If till the release of the film, the legend of Santhosh Pandit was a product of the online community, television made him a household figure after the movie, with  news channels competing to spend hours on him. The pattern adopted by television anchors to confront him was similar to the one witnessed in online platforms. He was subjected to vicious abuse, which he dealt with in his inimitable fashion. Appearing on the shows clad in suit and coat, using the same body language he employed in his movie—consistently restless and fidgety, and frequently jumping up and down from his chair, and delivering the kind of punch lines he made immensely popular in Krishnanum Radhayum, he managed to steal the show every single time.

When M V Nikesh Kumar, editor-in- chief of the Reporter channel, launched a scathing attack on Pandit for making a mockery of the history of Malayalam cinema, he retorted with a smile: “Sir, have you seen the movie?”

After Nikesh answered in the negative, Pandit silenced him asking how an eminent anchor like Nikesh could criticise a movie without watching it and based only on hearsay.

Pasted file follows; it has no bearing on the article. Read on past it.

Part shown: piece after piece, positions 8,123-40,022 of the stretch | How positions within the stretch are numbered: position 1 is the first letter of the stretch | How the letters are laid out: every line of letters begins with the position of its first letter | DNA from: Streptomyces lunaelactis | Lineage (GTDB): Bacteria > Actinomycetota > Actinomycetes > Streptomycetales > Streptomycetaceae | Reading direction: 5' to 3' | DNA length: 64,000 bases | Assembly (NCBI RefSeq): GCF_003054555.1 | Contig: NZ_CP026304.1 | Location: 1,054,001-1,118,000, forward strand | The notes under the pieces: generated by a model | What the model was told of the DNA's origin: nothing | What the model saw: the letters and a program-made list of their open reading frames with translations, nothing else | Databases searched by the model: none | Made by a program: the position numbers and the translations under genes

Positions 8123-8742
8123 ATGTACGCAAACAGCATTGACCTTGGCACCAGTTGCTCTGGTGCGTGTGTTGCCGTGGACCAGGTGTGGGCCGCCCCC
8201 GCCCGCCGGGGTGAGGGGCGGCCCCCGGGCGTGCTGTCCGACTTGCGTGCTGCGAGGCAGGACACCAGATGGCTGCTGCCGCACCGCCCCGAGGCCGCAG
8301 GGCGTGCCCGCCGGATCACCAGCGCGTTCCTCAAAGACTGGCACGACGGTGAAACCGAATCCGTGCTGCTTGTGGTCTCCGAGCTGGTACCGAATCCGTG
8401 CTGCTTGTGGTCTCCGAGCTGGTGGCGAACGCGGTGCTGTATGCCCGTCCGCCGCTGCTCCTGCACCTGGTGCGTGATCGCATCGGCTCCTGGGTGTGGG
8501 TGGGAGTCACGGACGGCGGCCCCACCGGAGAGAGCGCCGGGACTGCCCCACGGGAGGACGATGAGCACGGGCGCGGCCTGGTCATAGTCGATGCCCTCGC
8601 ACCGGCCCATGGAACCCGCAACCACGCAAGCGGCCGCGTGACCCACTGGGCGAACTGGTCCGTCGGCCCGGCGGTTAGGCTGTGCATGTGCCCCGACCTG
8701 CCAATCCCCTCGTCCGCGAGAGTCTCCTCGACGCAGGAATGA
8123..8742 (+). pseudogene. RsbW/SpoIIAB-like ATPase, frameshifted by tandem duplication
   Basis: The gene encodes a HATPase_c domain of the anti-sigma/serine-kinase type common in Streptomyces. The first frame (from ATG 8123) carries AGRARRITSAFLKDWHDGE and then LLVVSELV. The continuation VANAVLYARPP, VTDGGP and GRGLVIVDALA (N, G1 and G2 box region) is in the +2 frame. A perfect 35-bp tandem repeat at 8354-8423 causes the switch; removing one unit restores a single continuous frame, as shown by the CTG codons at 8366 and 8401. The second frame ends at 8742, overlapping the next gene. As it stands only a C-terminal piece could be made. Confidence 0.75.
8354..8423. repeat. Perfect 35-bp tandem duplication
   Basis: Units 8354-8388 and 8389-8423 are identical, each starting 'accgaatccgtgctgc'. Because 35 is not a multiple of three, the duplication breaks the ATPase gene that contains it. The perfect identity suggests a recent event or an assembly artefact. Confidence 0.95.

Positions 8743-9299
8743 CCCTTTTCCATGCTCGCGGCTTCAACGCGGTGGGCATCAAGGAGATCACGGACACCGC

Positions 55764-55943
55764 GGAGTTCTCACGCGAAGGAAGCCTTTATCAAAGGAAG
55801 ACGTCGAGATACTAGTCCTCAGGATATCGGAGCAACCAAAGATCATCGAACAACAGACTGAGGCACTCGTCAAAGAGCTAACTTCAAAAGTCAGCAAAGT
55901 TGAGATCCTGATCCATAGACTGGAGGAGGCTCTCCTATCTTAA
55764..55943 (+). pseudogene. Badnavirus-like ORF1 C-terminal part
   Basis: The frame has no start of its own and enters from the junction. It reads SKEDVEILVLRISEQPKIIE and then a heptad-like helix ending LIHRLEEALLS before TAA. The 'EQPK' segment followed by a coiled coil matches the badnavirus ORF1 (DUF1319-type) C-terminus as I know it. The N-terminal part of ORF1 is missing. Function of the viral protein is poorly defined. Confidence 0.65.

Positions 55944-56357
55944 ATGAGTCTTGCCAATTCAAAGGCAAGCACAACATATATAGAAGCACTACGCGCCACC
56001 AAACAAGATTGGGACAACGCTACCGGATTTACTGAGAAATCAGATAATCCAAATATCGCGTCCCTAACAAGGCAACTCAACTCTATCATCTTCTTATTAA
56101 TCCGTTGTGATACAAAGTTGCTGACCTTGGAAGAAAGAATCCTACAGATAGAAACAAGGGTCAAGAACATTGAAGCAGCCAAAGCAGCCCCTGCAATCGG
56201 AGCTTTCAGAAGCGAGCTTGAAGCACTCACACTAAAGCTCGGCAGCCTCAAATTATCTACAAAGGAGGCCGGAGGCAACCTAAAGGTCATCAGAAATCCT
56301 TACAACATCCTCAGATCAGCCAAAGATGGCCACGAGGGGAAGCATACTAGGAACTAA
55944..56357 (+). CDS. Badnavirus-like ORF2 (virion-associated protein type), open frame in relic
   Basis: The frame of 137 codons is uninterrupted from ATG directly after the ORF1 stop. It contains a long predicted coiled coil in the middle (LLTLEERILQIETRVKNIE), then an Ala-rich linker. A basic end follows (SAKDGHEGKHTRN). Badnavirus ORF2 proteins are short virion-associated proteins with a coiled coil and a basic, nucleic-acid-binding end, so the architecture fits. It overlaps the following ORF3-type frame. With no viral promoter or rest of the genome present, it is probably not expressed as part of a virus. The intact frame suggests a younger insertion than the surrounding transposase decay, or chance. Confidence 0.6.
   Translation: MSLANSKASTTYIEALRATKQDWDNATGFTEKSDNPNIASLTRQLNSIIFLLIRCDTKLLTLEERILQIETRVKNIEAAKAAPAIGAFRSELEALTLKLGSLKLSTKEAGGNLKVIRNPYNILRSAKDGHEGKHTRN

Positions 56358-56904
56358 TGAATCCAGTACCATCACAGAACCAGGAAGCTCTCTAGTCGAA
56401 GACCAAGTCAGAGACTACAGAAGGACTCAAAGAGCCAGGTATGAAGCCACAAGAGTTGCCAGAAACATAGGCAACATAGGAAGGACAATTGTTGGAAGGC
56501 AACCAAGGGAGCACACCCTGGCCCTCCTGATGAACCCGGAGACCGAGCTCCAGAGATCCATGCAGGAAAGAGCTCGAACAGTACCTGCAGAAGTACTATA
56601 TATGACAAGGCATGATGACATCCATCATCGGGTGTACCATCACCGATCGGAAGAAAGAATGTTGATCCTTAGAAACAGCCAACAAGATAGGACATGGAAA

In another show, when John Brittas of Asianet News, a legend of Malayalam news television asked if it was because Pandit now has the airs of a  “superstar” that he was now wearing coat when appearing on television shows, Pandit replied: “Sir, is it because you or other news anchors are superstars that they wear coats when presenting news?”

In a bizarre turn of events, YouTube videos of these television shows in which Pandit trumps prominent anchors too were celebrated by the online public with many now starting to sympathise with him.

The way he was treated in these shows met with widespread criticism, with cultural critics accusing television anchors of irresponsible media behaviour.

Aboobackar says: “The attitude of television anchors like John Brittas, Shani and Nikesh stinks of deeply ingrained Brahminical tendencies.

“They just cannot tolerate the success of someone who does not conform to Brahminical notions of aesthetics. If you are dark or have a body language that is unusual, then the so-called critics think they have the licence to mount on you whatever form of attack they want to.”